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$4 million nursing grant focuses on at-risk premature infants

The University of Illinois at Chicago College of Nursing has received a $4.1 million federal grant to develop ways to improve the early growth and development of premature infants who have two or more social-environmental risks such as poverty or minority status.

"Approximately half a million premature infants are born each year in the United States," said Rosemary White-Traut, head of maternal-child nursing at UIC and principal investigator of the five-year study. "Premature birth places the infant at risk for behavioral problems, feeding difficulties, developmental delays, lower childhood IQ and increased health care costs.

"Premature infants experience double jeopardy when they are born into families with two or more social-environmental risks, such as poverty, low parental education, adolescent parenthood or living in a stressful neighborhood. The family has multiple stressors and fewer resources to cope with the infant's needs. Mothers of premature infants have heightened anxiety and difficulty learning to respond appropriately to their infant's biologic maturity."

The study will enroll 252 premature infants born between 29 and 34 weeks gestational age at two Chicago medical centers: Mount Sinai Hospital and Mercy Hospital. The study will use a clinical model called H-HOPE -- Hospital-home transition: optimizing prematures' environment -- that combines components from two research programs previously used by White-Traut and Kathy Norr, UIC professor of maternal-child nursing, who is co-principal investigator of the new study.

During the first component, called "audio, tactile, visual and vestibular stimulation," mothers spend 10 minutes talking to the infant, lightly stroking or massaging it and looking directly in its eyes, followed by five minutes of rocking the baby. In the second program, mothers are taught by a nurse-community advocate team about preterm infant behavior and feeding.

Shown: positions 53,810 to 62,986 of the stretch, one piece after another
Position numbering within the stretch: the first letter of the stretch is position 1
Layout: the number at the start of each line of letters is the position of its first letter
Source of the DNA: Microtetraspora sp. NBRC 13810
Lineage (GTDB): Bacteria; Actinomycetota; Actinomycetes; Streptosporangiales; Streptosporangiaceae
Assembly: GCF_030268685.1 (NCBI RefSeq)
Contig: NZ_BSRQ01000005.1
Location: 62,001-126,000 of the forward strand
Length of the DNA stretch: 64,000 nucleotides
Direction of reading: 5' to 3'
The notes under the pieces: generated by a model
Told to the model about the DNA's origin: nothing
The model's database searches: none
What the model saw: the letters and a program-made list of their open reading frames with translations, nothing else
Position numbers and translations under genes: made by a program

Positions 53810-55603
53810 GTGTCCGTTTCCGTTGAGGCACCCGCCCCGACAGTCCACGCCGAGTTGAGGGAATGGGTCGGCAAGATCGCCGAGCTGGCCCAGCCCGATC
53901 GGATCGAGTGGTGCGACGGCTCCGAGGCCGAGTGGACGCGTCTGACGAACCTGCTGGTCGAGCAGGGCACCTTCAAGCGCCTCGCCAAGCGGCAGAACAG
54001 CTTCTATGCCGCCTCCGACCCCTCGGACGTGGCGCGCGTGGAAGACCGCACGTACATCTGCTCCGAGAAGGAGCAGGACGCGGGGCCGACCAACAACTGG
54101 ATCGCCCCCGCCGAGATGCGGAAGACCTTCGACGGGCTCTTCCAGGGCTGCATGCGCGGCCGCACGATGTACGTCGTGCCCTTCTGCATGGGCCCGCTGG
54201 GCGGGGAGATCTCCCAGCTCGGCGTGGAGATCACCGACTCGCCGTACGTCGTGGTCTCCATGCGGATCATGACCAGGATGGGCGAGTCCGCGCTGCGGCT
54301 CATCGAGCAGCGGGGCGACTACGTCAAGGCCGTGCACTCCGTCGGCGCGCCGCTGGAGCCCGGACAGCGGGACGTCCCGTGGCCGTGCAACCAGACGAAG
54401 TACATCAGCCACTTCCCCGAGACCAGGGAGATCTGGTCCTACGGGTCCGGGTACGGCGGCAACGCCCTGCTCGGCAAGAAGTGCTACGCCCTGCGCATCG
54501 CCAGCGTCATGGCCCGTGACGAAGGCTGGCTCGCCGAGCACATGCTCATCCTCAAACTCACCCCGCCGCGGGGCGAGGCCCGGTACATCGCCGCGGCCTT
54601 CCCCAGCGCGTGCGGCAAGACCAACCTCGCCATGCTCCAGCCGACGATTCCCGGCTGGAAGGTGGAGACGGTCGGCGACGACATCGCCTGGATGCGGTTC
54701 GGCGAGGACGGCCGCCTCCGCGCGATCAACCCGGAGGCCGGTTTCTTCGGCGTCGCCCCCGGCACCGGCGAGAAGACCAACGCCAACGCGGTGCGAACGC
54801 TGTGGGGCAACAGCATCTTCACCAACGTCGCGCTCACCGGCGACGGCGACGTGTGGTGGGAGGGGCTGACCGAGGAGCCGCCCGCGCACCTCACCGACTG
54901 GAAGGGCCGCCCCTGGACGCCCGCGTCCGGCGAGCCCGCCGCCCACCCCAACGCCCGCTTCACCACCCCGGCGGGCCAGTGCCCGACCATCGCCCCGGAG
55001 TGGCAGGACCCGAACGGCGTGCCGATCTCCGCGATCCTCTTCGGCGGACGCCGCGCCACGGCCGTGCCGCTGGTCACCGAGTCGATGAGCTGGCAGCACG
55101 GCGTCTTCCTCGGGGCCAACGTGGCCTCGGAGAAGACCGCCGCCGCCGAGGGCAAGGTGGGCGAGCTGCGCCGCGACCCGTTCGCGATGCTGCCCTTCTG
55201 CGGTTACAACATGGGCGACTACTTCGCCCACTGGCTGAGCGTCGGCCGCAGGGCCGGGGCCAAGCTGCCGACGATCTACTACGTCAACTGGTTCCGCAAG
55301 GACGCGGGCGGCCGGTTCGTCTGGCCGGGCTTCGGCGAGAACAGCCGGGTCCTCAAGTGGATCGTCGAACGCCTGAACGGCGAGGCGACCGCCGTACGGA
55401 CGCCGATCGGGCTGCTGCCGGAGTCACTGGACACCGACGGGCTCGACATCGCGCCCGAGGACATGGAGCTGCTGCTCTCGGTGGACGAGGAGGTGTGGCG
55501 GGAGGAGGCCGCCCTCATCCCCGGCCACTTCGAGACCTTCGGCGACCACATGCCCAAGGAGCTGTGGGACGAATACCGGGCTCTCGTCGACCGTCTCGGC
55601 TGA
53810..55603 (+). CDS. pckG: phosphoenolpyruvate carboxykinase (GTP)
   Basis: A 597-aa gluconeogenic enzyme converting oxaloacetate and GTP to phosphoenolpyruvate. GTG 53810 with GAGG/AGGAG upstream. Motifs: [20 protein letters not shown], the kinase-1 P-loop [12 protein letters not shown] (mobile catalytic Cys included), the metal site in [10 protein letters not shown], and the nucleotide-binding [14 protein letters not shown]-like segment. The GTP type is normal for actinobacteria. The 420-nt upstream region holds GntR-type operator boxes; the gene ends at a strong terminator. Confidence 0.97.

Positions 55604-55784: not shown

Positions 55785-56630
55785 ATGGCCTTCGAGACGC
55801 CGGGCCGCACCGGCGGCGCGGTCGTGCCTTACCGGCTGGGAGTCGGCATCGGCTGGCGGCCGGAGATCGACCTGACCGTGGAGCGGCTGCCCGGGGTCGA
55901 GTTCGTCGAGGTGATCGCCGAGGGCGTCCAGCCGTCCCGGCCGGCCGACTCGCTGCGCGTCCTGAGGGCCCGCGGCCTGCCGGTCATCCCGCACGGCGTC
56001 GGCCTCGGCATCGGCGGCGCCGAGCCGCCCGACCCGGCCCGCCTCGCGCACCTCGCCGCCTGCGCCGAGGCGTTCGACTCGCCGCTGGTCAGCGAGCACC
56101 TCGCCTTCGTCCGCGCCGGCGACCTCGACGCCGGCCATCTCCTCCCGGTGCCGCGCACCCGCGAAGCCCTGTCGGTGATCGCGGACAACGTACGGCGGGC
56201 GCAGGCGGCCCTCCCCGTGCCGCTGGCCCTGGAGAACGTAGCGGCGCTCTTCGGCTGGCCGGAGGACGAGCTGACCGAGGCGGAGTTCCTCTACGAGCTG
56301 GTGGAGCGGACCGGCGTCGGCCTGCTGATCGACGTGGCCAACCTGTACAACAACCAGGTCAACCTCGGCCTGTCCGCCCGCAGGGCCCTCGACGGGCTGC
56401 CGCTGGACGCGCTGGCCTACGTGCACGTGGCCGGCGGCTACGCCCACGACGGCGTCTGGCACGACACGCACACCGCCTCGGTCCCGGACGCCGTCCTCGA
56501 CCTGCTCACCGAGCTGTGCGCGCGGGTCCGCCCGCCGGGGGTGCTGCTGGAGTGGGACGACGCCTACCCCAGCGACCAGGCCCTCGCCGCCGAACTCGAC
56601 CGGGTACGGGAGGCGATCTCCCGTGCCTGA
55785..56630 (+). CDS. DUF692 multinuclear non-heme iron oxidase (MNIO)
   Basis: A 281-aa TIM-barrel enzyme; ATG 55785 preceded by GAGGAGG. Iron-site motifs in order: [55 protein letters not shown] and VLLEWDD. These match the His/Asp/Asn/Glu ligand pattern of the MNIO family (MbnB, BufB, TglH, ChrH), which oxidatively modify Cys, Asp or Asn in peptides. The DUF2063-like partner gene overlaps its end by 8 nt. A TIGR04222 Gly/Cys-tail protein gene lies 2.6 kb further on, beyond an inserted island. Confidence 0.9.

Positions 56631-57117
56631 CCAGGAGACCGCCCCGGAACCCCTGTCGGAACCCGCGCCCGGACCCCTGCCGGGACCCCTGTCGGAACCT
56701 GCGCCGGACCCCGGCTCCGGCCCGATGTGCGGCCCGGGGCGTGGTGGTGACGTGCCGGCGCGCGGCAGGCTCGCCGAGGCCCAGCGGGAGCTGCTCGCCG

"Mothers have found that it's a stressful and difficult time from 32 weeks, when premature infants begin oral feeding, through approximately one month after going home from the hospital," White-Traut said. "Mothers have identified this time that they would benefit from ongoing support."

H-HOPE is innovative, White-Traut said, because it is the first study to simultaneously incorporate programs for both mother and premature infants and evaluate the outcomes for both.

"The synergistic effect of the two models should lead to the infant becoming more mature at a faster rate and reducing the time of stay in the hospital," she said. "It should also improve how a mother recognizes her premature infant's behavioral cues, provide mothers with a greater confidence in caring for their infants, give them a more positive perception of the infant, and lower their levels of anxiety."

If successful, H-HOPE will provide a national model for improving early infant health and development, as well as reduce health care costs, White-Traut said.

"Preterm infants have an average initial hospitalization of three weeks," she said. "Reducing hospital stays by just three days could save more than $2 billion dollars a year."


Contact: Sam Hostettler
University of Illinois at Chicago

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